J. Smug's GastroPit Brings Solid, St. Louis-Style Barbecue to the Hill 

The "Taste of the Pit trio" features pulled chicken, turkey breast, pulled pork and creamy slaw.

MABEL SUEN

The "Taste of the Pit trio" features pulled chicken, turkey breast, pulled pork and creamy slaw.

When Joe Smugala had the opportunity to take over the old-gas-station-turned-restaurant at the corner of Macklind and Bischoff, he did what any self-respecting south-city dweller would do: He called up his daughter's friend from grade school.

It's an origin story that is as peak St. Louis as Provel-covered t-ravs gobbled down with a concrete. A restaurateur in his own right, Smugala wanted to bring a barbecue concept to the spot in the Hill neighborhood, which he'd purchased with his brother, John, and their wives Kerri and Linda. However, his background was in pizza, not barbecue. Digging deep into his south-side connections, he knew just who to call for help in realizing his vision.

That person was Alex Cupp, who, in addition to being his daughter's dance partner as a seven-year-old, had played select soccer for Smugala several years later as a student at St. Louis Community College at Forest Park (Smugala was the coach). Of course that was before Cupp became one of the city's top pitmasters, and though he had enough on his plate running his own barbecue restaurant, the Stellar Hog, Cupp made time for an old friend. With his help, the Smugala brothers learned enough about barbecue to open J. Smug's GastroPit and compete in the city's crowded smokehouse scene.

Business partners Linda Smugala, Joe Smugala and Kerri Smugala. Not pictured: business partner John Smugala. - MABEL SUEN
  • MABEL SUEN
  • Business partners Linda Smugala, Joe Smugala and Kerri Smugala. Not pictured: business partner John Smugala.

Last July, the Smugalas fired up their smoker and opened their doors, bringing a missing genre to the Hill in a space that, while cute as a button, has had a difficult time keeping its occupants. Originally Rizzo's Station Pizzeria, then Leonardo's Kitchen & Wine Bar and, most recently, Leonardo's Burger Kitchen, the building's quaint charm has also been its Achilles heel. Comprised of two rooms too small to house a full-scale dining area, the former gas station can fit only four two-person tables, a wall ledge and a bar, relying on an enclosed (yet not air-conditioned) patio and some outdoor tables to handle the majority of its seating. If you've lived through even one sweltering St. Louis summer or dreary, bone-chilling winter, you know those options are attractive only about three weeks out of the year.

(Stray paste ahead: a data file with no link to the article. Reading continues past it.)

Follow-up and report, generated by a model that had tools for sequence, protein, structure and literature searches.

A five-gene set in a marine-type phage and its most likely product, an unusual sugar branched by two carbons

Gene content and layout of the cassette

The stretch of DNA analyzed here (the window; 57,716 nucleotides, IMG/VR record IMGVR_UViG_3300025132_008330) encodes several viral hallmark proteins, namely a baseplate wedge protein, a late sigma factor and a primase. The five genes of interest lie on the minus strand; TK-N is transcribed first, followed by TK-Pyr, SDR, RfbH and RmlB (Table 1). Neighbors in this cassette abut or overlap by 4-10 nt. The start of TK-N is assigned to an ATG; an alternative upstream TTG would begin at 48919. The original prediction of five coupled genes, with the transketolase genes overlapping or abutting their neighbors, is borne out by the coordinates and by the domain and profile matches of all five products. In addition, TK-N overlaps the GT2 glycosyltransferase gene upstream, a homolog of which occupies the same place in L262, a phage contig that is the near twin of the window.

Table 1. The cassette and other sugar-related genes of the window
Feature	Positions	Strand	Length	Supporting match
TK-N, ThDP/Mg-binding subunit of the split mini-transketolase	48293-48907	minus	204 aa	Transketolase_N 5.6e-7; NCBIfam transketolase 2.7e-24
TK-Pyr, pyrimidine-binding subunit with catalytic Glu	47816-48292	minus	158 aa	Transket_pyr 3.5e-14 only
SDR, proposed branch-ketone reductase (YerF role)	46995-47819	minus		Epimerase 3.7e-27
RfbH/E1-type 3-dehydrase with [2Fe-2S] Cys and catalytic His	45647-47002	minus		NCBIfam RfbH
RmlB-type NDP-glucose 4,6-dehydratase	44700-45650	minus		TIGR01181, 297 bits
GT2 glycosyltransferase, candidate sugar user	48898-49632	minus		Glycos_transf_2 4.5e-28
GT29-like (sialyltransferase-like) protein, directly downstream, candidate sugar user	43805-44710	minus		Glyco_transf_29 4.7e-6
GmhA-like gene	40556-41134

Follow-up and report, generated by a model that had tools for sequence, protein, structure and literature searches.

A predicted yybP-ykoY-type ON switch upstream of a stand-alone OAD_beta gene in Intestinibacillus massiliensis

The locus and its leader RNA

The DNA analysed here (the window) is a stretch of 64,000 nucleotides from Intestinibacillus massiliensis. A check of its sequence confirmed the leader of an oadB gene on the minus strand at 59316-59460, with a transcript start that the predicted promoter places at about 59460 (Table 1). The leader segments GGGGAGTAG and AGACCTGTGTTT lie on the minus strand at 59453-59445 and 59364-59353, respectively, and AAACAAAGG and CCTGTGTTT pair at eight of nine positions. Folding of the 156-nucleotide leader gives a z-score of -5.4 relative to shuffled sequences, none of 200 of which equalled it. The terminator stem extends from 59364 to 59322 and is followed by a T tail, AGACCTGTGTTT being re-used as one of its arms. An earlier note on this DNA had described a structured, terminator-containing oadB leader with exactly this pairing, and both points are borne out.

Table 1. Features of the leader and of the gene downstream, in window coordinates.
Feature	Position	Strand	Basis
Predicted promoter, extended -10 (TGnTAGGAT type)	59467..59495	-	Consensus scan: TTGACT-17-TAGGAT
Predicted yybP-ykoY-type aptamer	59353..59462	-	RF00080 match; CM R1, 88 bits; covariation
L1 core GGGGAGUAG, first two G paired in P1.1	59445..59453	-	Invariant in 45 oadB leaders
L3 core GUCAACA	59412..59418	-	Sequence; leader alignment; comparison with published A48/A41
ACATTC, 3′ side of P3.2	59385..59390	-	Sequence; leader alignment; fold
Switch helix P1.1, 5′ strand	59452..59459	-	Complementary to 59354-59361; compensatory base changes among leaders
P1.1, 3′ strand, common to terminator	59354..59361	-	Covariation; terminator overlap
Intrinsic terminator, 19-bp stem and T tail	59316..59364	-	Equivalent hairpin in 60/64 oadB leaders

But where the other restaurants have failed, J. Smug's seems to have found a winning formula, banking on a concept that, while enjoyable on site, is just as attractive for takeout. You only need observe the steady stream of customers walking up to the counter for their call-in orders to realize that the key to its success is as much the lady enjoying some ribs in the comfort of her armchair as it is the dine-in patron.

The space is tiny, but offers both dine-in seating and a thriving takeout operation. - MABEL SUEN
  • MABEL SUEN
  • The space is tiny, but offers both dine-in seating and a thriving takeout operation.

For those who want to eat in, however, the Smugalas have created a cozy scene, maximizing the real estate to make it seem somehow less small. The most striking update is the front room; the old order counter and grab-and-go beverage cooler have been replaced with a proper bar that seats eight people. With shiny white walls as a backdrop, a stone bar top to rest your elbows upon, and cool red-and-black overhead wiring that evokes the industrial materials you'd find at the auto mechanic's, J. Smug's bar is the sort of neighborhood watering hole that could turn you into a regular — and its impressive craft-beer selection certainly doesn't hurt its case.

Nor do the ribs, the restaurant's standout dish, which are simply dazzling. J. Smug's smokes a dry-rubbed version, and, more than others in town, their generous, salty rub forms a thick crust that actually crunches when you bite into it. It's reminiscent of the bark you get on a well-prepared brisket, and just as deeply smoky. Underneath this crisp, seasoned layer is succulent, cherry-wood-scented meat that has the proper chew you get from good ribs but still yields without too much effort. They're some of the finest in the city, the restaurant's clear standout.

Pork ribs, shown here with mac and cheese. - MABEL SUEN
  • MABEL SUEN
  • Pork ribs, shown here with mac and cheese.